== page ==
Tag Archives: UC Berkeley

Jew of the Week: Lynn Margulis

The Rebel Evolutionist

Lynn Petra Alexander (1938-2011) was born in Chicago to a prominent Jewish (and passionately-Zionist) family. She got accepted to the University of Chicago when she was just 15 years old, and graduated with a BA four years later. That same year, she married (former Jew of the Week) Carl Sagan, then on his way to becoming a world-renowned scientist himself. She then went to the University of Wisconsin and earned her Master’s in genetics and zoology, followed by a PhD from UC Berkeley. Around that time, she divorced Carl Sagan and later married another scientist, Thomas Margulis. Although she divorced him as well, she kept the last name and is best known today as Lynn Margulis. In 1966, she became a biology professor at the University of Boston and remained there until 1988, when she became Distinguished Professor of Biology and Geosciences at the University of Massachusetts. Her 1967 paper “On the Origin of Mitosing Cells” was initially rejected by fifteen journals and stirred a great deal of controversy before being confirmed experimentally in 1978. Much of her research (and the opposition to it) was based on demonstrating major flaws within Darwin’s evolutionary theory. She would say that “Natural selection eliminates and maybe maintains, but it doesn’t create.” Margulis offered one hypothesis of her own, endosymbiosis, now a widely-accepted theory in biology and a key mechanism of evolution. Margulis also co-authored the first paper on the now-famous Gaia hypothesis regarding the intricate interactions between living things and the planet. Margulis worked tirelessly to the last days of her life. She co-authored another big (and controversial) paper in 2009—at the age of 71! Margulis has been called a “scientific rebel” and won countless awards, including a National Medal of Science from President Bill Clinton and a NASA Public Service Award for Astrobiology. She also has 15 honourary doctorates and was elected to the National Academy of Sciences. In 2002, she was ranked among the 50 most important women in science.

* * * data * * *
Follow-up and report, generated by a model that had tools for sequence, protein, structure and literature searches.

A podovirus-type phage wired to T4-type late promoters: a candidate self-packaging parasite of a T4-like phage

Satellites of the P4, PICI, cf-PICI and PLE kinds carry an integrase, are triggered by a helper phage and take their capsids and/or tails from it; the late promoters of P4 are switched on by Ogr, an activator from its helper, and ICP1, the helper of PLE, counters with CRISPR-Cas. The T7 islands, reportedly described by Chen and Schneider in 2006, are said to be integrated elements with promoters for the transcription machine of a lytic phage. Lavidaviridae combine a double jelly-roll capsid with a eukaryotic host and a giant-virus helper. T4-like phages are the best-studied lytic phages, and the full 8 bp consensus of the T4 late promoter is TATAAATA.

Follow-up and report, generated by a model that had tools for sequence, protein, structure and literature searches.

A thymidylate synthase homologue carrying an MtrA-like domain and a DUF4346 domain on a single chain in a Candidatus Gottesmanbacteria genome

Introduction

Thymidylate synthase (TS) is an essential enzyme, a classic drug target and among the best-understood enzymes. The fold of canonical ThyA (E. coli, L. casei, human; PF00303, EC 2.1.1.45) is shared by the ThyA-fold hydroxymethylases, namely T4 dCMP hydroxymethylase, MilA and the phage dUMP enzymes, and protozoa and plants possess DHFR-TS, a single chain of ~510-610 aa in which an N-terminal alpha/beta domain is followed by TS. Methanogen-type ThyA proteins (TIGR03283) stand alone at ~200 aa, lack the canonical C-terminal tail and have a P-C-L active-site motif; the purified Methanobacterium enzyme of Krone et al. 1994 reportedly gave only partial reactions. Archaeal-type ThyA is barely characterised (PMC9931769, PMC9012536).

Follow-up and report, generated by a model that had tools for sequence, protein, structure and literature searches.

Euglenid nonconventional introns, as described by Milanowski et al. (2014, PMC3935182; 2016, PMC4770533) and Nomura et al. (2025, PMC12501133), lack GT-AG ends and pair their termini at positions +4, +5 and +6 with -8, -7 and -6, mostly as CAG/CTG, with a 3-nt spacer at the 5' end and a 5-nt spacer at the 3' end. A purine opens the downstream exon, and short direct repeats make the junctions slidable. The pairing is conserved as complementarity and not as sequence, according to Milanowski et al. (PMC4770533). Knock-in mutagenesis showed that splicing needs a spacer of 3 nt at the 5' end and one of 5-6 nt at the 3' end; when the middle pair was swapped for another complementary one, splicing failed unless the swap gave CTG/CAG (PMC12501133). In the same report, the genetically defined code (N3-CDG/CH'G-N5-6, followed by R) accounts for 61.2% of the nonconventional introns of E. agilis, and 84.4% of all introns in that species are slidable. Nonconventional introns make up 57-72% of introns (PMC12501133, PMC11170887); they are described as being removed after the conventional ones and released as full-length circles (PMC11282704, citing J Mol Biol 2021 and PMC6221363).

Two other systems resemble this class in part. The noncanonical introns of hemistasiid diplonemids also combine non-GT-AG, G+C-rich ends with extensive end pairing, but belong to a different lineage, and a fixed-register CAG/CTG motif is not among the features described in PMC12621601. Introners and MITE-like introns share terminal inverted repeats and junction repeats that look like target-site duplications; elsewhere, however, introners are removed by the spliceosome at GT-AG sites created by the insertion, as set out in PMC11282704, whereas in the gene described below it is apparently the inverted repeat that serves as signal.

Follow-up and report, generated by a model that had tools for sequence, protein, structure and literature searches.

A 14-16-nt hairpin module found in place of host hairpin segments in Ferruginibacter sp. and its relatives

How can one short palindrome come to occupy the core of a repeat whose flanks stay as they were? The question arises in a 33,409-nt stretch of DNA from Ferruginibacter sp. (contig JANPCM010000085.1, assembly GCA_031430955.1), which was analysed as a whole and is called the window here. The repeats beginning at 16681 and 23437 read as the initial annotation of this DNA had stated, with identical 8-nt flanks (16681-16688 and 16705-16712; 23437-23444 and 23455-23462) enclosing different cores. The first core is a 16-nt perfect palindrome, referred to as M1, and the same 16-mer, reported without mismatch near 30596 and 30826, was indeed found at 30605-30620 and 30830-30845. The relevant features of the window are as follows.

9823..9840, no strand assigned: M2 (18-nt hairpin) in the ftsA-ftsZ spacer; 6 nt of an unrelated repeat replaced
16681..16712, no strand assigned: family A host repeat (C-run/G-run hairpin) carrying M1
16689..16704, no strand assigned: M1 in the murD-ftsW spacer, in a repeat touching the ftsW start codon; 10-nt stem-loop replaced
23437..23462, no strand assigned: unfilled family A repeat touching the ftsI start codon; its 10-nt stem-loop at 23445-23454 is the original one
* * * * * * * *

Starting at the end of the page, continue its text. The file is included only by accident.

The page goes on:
Words of the Week

We never judge a statement by its author, but only on its own merit.
Rabbi Moshe Chaim Luzzatto (1707-1746), Derekh Tevunot 

Jews of the Week: Levi Strauss and Jacob Davis

Inventors of Your Favourite Pants

Jacob Davis

Jakobs Jufess (1831-1908) was born in Riga, Latvia. He became a tailor before immigrating to the US at age 23. Upon arriving in New York, he changed his name to Jacob Davis and opened up a tailor shop. Over the next 15 years, he moved all across North America trying to make a living, spending time in Maine, California, Nevada, and British Columbia, working as a tobacco salesman, gold miner, and brewer. By 1869, Davis settled in Reno, Nevada and opened another tailor shop. His primary merchandise was originally tents, horse blankets, and wagon covers. To make his stuff stronger and more durable, he started using the toughest cotton denim he could find, which happened to come from a small dry goods store in San Francisco called Levi Strauss & Co.

Levi Strauss, the name behind Levi’s jeans.